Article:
To my mind the most intriguing voters in the Scottish independence referendum were the people who said: “I’m not a nat, but I’m voting ‘yes’.”They wanted independence, but insisted they were not nationalists. In fact they became quite upset if you described them as such. They regarded nationalism as narrow and atavistic. You did not have to be a nat to support independence, they insisted. This group was interesting because it contained many of my friends and relatives.
Power grab or power bonanza? Outrage or opportunity? Which of these narratives about Brexit is true for Scotland? The difference could not be more stark. One narrative characterises Brexit as an attack on Holyrood, stripping Scotland of powers that should rightly be ours under devolution. The other presents Brexit as a chance to boost Holyrood, enhancing its reach, influence and authority. So which is true?
What is the most beautiful room in Scotland? The question came to mind when I was watching a TV news report the other day of John Swinney meeting Damian Green for Brexit talks in Edinburgh. They took place in a gorgeous art deco room in St Andrew’s House that for decades was the office of the secretary of state for Scotland. Down the years I’ve been in this room quite a few times interviewing Scottish politicians and every time it has taken my breath away.
Muck Rack makes it simple to find people, tweets, or articles that mention any name, keyword, company, hashtag etc. We've compiled this guide to help you make the most of your search.
Selecting a term
Start searching tweets, articles from media outlets, articles mentioned in tweets, journalists'
names, titles and bios with some suggested searches:
Companies or Topics (e.g. iPhone, Microsoft)
Phrases (e.g. "cloud computing") — use quotes to keep the terms together
Twitter handles (e.g. @username) — returns those who have mentioned or replied to
Names (e.g. "David Pogue")
Hashtags (e.g. #sxsw, #london2012)
Bio details (e.g. vegan, Olympics, father)
Muck Rack's Advanced Search allows for many boolean operators.
Find results that mention multiple specified terms, use AND or
+. For example, ensure each result contains both Elon Musk and Mark Zuckerberg by
searching Obama AND Romney or Obama + Romney.
Use the operators OR or , to broaden your search when you'd like either of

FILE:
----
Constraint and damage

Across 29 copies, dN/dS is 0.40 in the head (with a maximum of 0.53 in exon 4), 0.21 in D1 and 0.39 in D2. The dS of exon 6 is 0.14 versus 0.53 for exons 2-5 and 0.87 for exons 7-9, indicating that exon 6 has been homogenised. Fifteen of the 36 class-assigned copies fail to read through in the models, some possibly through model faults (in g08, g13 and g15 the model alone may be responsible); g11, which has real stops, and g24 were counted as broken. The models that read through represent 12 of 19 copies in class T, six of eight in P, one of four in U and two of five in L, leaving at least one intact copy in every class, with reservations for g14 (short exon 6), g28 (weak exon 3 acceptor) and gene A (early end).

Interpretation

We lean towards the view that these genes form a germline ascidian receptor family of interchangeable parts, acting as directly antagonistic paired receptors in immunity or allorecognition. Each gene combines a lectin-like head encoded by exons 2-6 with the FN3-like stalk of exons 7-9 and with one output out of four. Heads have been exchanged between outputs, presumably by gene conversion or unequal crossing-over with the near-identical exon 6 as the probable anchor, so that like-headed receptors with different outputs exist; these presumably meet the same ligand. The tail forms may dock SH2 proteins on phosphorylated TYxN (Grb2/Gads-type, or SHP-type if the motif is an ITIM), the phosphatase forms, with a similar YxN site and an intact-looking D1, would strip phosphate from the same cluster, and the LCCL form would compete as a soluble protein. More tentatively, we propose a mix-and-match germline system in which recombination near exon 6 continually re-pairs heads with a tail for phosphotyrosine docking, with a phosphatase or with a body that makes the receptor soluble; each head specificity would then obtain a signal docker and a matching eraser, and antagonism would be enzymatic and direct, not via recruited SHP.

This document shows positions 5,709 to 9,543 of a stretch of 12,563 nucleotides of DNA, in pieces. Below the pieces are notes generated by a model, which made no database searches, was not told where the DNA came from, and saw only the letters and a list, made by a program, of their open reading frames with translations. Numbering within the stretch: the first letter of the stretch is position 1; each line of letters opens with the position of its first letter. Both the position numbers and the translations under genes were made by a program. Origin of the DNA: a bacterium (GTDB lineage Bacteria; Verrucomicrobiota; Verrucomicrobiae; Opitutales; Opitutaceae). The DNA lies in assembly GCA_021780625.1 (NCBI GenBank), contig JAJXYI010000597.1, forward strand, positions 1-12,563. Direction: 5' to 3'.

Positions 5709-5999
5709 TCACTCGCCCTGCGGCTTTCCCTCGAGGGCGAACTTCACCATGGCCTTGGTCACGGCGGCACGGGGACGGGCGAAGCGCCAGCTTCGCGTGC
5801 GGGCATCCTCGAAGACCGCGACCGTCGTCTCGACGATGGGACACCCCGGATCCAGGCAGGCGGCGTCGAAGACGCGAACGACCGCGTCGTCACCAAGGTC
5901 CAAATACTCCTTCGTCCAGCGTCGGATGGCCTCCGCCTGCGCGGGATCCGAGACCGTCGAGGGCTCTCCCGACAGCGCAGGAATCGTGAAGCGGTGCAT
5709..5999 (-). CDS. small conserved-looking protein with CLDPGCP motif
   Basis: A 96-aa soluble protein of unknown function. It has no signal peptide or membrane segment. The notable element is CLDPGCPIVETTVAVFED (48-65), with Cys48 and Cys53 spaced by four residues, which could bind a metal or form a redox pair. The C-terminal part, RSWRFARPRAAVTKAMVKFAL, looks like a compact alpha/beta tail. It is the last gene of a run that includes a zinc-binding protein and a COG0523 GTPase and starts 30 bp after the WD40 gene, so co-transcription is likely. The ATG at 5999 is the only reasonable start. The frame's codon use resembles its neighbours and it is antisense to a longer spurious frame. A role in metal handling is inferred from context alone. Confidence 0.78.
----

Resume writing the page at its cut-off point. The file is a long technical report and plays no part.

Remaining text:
multiple terms to appear in results. (This is the default behavior of our search when no operators
are used.) For example, search for democrat OR republican to find results that refer to
Democrats and/or Republicans.
Use NOT or - to subtract results from your search. For
example, searching Disney will yield results about the Walt Disney Company as well as Walt Disney
World Resort. To exclude mentions of Disney World, search for Disney -World or Disney
When using one of these operators with a phrase, enclose it in quotation marks. For example, you can
find results about smartphones excluding Apple's iPhone 4S by searching smartphone -"iPhone
Exact case matching or punctuation
If you're searching for a brand name or keyword that relies on specific punctuation marks or capitalization, you can
find results that match your exact query by adding matchcase: before the keyword you're searching for, like matchcase:E*TRADE .
Use parentheses to separate multiple
boolean phrases. For example, to find journalists talking about having fun in Disney World or
Disneyland, search for ("disney world" OR disneyland) AND fun.
An asterisk can be used to search for any variation of a root word truncated by the asterisk. For example, searching for admin* will return results for administrator, administration, administer, administered, etc.
A near operator is an AND operator where you can control the distance between the words. You can vary the distance the near operation uses by adding a forward slash and number (between 0-99) such as strawberries NEAR/10 "whipped cream", which means the strawberries must exist within 10 words of "whipped cream".